My very hungry caterpillars in their cocoons.
Wilson with one of the butterflies that landed on him!
One of the many gators
Funny story from the trip. The portion of the exhibit with live butterflies is in the indoor swamp area of the museum. For those of you not familiar with the museum, this is a glassed in room with with a huge aquarium that is about 5 ft. tall and full of alligators, turtles, and fish. The room is connected to the rest of the museum, but separated by doors that stay closed I'm sure for climate control purposes. So for now, there are also butterflies flitting through this room with stands of orange halves for them to munch on. There were guides at the door telling us to watch where we step because the butterflies were also all over the ground (which is made out of decking material making it hard to see dark butterflies). No strollers were allowed and we were all tip toeing around with the occasional "WATCH OUT! YOU'RE ABOUT TO STEP ON ONE!" being yelled throughout the building. (Maybe they should have thought twice about having the general public mingling with their precious endangered bugs...) So anyway, Phil is carefully watching the alligators in the tank and notices that a butterfly has landed on one of the logs floating in the swamp. He then sees a pair of gator eyes floating towards the log. Then the eyes rise up out of the water and are trained on the butterfly. And SNAP the butterfly is GONE! Who knew- next to human feet, an alligator is a butterfly's most dangerous predator!!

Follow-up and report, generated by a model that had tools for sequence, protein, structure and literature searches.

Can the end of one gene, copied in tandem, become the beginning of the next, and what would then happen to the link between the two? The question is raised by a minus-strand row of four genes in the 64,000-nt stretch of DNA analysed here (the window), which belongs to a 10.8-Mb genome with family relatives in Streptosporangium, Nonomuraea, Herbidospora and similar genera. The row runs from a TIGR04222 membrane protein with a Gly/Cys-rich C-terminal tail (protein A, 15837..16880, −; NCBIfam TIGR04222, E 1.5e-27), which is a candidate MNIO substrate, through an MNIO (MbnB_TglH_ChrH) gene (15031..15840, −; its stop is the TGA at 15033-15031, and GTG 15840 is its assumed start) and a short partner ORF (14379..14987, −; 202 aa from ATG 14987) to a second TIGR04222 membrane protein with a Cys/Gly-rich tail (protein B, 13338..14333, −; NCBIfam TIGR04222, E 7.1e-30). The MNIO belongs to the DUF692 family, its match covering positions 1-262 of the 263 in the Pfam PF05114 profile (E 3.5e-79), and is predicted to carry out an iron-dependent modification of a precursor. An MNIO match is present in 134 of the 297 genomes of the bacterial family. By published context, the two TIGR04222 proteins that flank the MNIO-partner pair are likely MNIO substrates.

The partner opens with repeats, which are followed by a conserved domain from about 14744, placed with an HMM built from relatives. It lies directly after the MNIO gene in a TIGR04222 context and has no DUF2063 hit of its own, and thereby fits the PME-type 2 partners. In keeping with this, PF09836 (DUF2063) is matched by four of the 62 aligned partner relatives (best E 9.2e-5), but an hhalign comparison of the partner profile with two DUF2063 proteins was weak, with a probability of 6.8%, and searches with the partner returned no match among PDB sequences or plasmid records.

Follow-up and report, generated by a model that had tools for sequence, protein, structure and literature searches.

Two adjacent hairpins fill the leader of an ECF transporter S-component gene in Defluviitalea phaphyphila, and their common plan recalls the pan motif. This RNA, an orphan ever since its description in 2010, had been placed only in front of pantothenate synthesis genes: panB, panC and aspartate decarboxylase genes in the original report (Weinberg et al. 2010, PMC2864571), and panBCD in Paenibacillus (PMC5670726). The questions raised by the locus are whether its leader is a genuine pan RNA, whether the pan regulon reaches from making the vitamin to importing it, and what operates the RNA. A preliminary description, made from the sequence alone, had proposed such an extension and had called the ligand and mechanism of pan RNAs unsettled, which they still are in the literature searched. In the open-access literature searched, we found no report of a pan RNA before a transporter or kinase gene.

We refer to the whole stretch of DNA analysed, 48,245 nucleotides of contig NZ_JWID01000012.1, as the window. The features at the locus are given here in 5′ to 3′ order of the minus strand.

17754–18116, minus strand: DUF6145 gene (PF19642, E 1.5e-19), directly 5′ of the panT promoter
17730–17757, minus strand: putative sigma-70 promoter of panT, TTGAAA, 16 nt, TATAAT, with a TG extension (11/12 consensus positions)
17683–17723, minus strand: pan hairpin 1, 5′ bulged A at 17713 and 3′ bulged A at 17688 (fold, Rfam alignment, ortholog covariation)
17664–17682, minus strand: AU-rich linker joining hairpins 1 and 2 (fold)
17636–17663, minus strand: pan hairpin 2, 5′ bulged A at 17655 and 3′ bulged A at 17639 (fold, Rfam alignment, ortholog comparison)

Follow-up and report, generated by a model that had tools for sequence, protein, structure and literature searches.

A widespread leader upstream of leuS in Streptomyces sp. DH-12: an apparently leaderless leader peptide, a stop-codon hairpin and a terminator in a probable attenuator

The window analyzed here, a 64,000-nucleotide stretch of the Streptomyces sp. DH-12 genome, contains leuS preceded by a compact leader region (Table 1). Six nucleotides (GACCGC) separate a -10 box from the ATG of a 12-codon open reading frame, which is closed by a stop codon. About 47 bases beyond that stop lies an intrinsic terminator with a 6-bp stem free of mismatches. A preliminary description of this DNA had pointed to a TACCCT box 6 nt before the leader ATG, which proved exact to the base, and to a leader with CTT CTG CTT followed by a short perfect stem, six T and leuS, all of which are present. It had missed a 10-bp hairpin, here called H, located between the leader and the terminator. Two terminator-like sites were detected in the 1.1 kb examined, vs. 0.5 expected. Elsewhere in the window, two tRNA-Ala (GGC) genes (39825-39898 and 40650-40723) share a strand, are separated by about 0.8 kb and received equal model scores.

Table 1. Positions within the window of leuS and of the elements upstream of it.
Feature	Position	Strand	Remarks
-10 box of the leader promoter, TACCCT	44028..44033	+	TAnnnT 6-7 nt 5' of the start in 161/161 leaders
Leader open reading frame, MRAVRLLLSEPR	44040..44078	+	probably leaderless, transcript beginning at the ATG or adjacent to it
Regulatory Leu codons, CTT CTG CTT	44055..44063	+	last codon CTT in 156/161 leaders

I'm thinking that there wasn't a lot of consideration for the circle of life in designing this portion of the exhibit.